Her unquenchable thirst for the abhang has made Aruna Sairam reach a milestone.

Concerts of Aruna Sairam are a class apart. The unusual timbre, selection of songs and presentation make them a different experience. But it is her abhang that gives it that special touch, served as delicious dessert. What if she chooses to present an entire concert of abhangs? Aruna is doing exactly that on Sunday, October 23, at the Music Academy. ‘Rang Abhang,’ the concert, will be preceded by the release of a CD of the same title.

For Aruna it is a dream come true. Cliché? But there is no other way to describe it, according to her. In a voice choked with emotion she traces the journey. “It was with trepidation that I started singing abhangs in concerts in Chennai, 15 years ago. First such foray was at the Narada Gana Sabha, where Swami Haridas Giri used to conduct an annual bhajan mela dedicated to the Saint of Thapovanam. The audience liked it. Thereafter I made it a point to include an abhang in every concert.”

This is Aruna’s second full-fledged abhang concert, the first being at the Friday Review November Fest five years ago. “I have always wanted to release an album of abhangs. I thank the Chennai audience, whose overwhelming response has made this possible. I feel blessed.”

Training in Carnatic music and abhang singing – were they simultaneous? “Well, I spent my childhood in Mumbai, where abhang is sung by people at all levels – from the mendicant to the labourer, musician to the flower vendor. Each in his own way, sincere and with total devotion. I absorbed all that. Even before my lessons in Carnatic music started in earnest, I had imbibed the abhang. It was a natural process, result of constant listening. And I loved them.”

How are they different from the bhajans of the South?

“The word ‘abhang’ means to free. It is therefore more physical. The singer just lets himself go. The focus is Vittala, the deity of Pandarpur. Mind and soul melt as the songs pick up momentum. The body responds with the arms and feet moving without inhibition. Remember, pilgrims sing the songs as they make their journey to Pandarpur, dancing most of the way. Bhajans do move one to tears but the charged atmosphere makes the abhang something unique.”

Did she learn the songs from a guru?

“Well, my mother arranged a teacher for a brief period. I have found ‘Abhang Gita,’ a collection of about 5,000 abhangs available in Mumbai, a rich source. But by and large I learnt them listening to masters, Pt. Bhimsen Joshi in particular. He was my inspiration. And I tune songs too.”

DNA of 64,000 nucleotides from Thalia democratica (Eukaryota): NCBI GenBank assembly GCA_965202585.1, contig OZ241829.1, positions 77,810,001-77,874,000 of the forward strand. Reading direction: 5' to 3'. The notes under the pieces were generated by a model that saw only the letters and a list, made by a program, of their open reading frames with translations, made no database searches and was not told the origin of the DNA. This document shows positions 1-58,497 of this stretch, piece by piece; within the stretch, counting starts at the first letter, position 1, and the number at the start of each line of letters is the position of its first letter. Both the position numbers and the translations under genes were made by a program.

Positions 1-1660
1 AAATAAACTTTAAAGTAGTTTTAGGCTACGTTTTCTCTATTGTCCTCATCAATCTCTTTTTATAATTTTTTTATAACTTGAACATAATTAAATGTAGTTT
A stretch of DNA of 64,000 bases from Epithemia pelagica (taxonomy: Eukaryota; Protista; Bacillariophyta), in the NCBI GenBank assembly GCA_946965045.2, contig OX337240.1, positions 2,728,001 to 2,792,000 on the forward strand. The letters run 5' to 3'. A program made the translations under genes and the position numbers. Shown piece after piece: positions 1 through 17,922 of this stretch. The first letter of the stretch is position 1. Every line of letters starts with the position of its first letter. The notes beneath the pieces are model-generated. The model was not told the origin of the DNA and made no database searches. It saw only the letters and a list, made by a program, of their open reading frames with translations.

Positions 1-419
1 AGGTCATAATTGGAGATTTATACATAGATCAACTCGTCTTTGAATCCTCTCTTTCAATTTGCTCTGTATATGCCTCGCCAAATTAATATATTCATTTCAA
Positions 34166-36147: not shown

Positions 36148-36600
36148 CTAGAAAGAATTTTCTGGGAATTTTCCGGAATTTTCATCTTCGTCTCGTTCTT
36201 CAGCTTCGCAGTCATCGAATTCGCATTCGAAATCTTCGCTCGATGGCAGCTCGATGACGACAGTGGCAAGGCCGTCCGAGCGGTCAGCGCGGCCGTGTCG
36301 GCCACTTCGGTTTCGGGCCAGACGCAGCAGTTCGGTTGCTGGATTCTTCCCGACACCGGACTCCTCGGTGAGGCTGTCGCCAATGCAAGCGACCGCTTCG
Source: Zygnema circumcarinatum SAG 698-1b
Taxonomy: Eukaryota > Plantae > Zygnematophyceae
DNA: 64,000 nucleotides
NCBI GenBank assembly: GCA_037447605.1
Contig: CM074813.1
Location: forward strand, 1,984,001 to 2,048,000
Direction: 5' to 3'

Aruna recalls the Sawai Gandharva annual festival two years ago, in Pune. She was invited by Pt. Joshi to perform and her joy knew no bounds. “It was a typical Carnatic kutcheri and I elaborated Thodi. And then I started singing ‘Tirtha Vittala,’ an abhang that Joshiji had made famous. I was nervous but the 15,000-strong audience received it with ecstasy. Panditji later said, ‘I was moved.’ That was the ultimate seal of approval.” Aruna cherishes a photograph of Joshi with her sitting at his feet.

Does she sing abhangs when she performs in Mumbai?

“You bet,” she replies with laughter. “My style has a strong Carnatic flavour, which they love.”

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Aruna considers it a blessing to have got the opportunity to sing at Pandharpur and Alandi, where the samadi of Gnaneswar, pitamaha of the genre is located. The Varkari yatra to Pandarpur begins here with the saint’s picture placed in a phalki.

Composed by several saints – Gorakhumbar, Namdev, Sena Navi – the songs mainly are about Vittala, although Ganapati, Rama and Vittala’s consort also figure.

About the album

“It is an experiment of sorts,” says Aruna. Over a dozen instruments including the tabla and the pakhawaj, most of them North Indian, accompany her.

Are the songs familiar to her ardent fans?

“I have sung the regular ones but there are some new songs as well.” Aruna is especially happy about the concluding song. “Sung in the vein of aarati, it is intended to counter any evil eye that may have been cast on Vittala. Simple in content, the tune is folksy and lilting. A friend in Mumbai taught me the song and I have sung it for the first time and am extremely happy with the result.”

The function will be a simple affair with film director, K. Balachander, releasing the album and Leela Samson, Kalakshetra director and Chairman Sangit Natak Akademi, receiving it. The over two-hour concert will feature songs in the CD and many more.